So I made these amazing pancakes from Heather Cristo’s blog. Um, who can resist a recipe that has the word “best” in it? Clearly not me!

Verdict: They were really yummy! I’ve included some notes about the recipe, etc. below. 

Maker’s notes

Recipe | I added a 1/4 tsp of pumpkin pie spice to the batter (because we had it on hand).  I was hesitant to add more because I didn’t it to overwhelm the yummy pumpkiny goodness. It added a subtle spice & depth of flavor. Add more if you want to really taste it. I love a salty pancake and don’t usually add much (if any) sugar to things that I’m going to drizzle with maple syrup. That said, these were a little too salty. If I made these again, I’d cut back on the salt (to 1/2 tsp) and add a tablespoon of sugar (raw, white, brown, light brown…whatever we happened to have in the pantry).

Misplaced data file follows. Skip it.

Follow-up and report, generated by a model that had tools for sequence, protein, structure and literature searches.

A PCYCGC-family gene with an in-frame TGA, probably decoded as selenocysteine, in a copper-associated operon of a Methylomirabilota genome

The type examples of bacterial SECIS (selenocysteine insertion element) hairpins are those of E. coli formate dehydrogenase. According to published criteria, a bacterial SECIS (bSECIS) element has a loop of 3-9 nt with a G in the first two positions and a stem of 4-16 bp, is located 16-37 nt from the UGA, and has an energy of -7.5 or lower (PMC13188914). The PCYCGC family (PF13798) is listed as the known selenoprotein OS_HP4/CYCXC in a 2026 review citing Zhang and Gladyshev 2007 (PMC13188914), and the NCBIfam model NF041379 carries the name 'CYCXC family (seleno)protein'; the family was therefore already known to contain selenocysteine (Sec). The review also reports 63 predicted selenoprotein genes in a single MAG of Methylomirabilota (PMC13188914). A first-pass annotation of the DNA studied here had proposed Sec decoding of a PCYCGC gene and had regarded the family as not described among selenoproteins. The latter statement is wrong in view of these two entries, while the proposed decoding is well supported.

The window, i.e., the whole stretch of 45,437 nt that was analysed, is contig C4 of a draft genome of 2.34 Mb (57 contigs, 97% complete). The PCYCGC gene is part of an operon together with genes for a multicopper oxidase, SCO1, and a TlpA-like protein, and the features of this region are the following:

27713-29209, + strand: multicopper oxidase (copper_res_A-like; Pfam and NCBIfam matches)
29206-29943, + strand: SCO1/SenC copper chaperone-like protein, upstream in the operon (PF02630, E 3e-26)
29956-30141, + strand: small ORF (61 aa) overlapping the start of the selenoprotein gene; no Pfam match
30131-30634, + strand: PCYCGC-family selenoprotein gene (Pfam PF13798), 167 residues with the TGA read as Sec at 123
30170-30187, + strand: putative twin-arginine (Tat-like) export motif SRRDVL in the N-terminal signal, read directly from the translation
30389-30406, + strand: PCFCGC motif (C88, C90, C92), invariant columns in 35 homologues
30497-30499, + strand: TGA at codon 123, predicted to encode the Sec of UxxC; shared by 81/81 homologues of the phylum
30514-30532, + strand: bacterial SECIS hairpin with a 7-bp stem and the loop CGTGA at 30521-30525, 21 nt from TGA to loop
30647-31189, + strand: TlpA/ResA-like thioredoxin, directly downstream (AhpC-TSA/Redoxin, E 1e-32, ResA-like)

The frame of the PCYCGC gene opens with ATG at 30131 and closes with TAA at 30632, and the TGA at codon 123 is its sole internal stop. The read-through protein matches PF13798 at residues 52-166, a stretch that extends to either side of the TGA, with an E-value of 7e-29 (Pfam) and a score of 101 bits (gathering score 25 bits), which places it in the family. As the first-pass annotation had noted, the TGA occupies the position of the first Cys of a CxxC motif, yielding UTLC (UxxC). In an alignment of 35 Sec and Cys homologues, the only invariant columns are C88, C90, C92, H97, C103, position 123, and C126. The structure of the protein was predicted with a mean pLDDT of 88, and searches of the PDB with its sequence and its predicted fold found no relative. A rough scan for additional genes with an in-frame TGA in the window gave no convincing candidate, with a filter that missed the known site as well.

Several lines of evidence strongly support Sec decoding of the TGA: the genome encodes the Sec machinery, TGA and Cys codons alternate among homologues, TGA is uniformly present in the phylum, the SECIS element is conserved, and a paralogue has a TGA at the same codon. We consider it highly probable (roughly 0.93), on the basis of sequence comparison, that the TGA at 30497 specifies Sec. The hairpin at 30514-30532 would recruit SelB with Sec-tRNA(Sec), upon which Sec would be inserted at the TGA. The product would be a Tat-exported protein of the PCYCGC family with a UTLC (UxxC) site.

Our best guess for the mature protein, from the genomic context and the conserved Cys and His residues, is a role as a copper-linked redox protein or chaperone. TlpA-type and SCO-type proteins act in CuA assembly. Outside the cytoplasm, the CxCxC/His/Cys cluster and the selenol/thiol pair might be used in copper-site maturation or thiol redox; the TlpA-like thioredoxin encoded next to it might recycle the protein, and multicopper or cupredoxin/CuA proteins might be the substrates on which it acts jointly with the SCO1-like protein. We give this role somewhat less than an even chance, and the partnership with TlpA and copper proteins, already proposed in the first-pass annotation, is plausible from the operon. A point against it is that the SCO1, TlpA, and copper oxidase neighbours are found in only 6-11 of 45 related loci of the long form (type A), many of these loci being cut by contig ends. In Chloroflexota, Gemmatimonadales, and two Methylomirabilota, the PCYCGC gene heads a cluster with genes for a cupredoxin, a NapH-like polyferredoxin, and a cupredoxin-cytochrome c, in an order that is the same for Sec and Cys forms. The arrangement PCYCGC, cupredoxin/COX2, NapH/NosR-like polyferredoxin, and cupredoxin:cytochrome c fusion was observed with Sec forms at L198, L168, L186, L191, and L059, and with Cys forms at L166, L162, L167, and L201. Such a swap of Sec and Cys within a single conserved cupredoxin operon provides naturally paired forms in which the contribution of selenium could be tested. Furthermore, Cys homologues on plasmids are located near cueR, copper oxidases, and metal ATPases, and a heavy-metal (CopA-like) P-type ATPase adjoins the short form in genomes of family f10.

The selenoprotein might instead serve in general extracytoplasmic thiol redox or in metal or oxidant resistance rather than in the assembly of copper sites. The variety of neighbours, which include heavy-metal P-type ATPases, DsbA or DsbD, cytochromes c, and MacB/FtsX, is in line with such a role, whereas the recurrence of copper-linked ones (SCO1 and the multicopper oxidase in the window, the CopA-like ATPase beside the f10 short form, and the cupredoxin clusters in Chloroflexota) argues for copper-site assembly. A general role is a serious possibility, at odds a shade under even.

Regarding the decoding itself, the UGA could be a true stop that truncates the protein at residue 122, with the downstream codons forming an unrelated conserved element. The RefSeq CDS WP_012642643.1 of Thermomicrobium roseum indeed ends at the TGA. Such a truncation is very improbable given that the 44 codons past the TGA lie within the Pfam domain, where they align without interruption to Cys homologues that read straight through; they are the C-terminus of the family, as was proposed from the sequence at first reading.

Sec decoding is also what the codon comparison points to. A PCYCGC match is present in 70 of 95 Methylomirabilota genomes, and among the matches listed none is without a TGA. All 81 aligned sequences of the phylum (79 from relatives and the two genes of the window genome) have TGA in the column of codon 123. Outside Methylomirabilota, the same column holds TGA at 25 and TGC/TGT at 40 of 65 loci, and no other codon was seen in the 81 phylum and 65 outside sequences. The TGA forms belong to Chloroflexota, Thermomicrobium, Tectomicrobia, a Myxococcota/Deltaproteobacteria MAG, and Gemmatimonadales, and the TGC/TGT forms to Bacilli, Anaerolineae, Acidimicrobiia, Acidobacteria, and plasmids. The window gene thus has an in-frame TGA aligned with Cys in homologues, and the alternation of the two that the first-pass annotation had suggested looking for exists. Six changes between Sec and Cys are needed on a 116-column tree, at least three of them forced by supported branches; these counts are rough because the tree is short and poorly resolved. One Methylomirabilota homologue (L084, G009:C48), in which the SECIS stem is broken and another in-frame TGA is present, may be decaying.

These would be really easy to make vegan by making your own “buttermilk” (using soy milk adding lemon juice or vinegar) and adding a butter substitute for the butter.

Cooking | I cooked all of them before we sat down to eat, keeping them warm on a low temp in the oven on a cookie sheet lined with parchment.

Leftovers | I wrapped up the leftover pancakes and tossed them in the refrigerator.  We heated a couple of them in the toaster (Jess’s brilliance!) the next day & had them with a cup of tea as we stayed safe inside while hurricane Sandy danced with the power lines outside our house.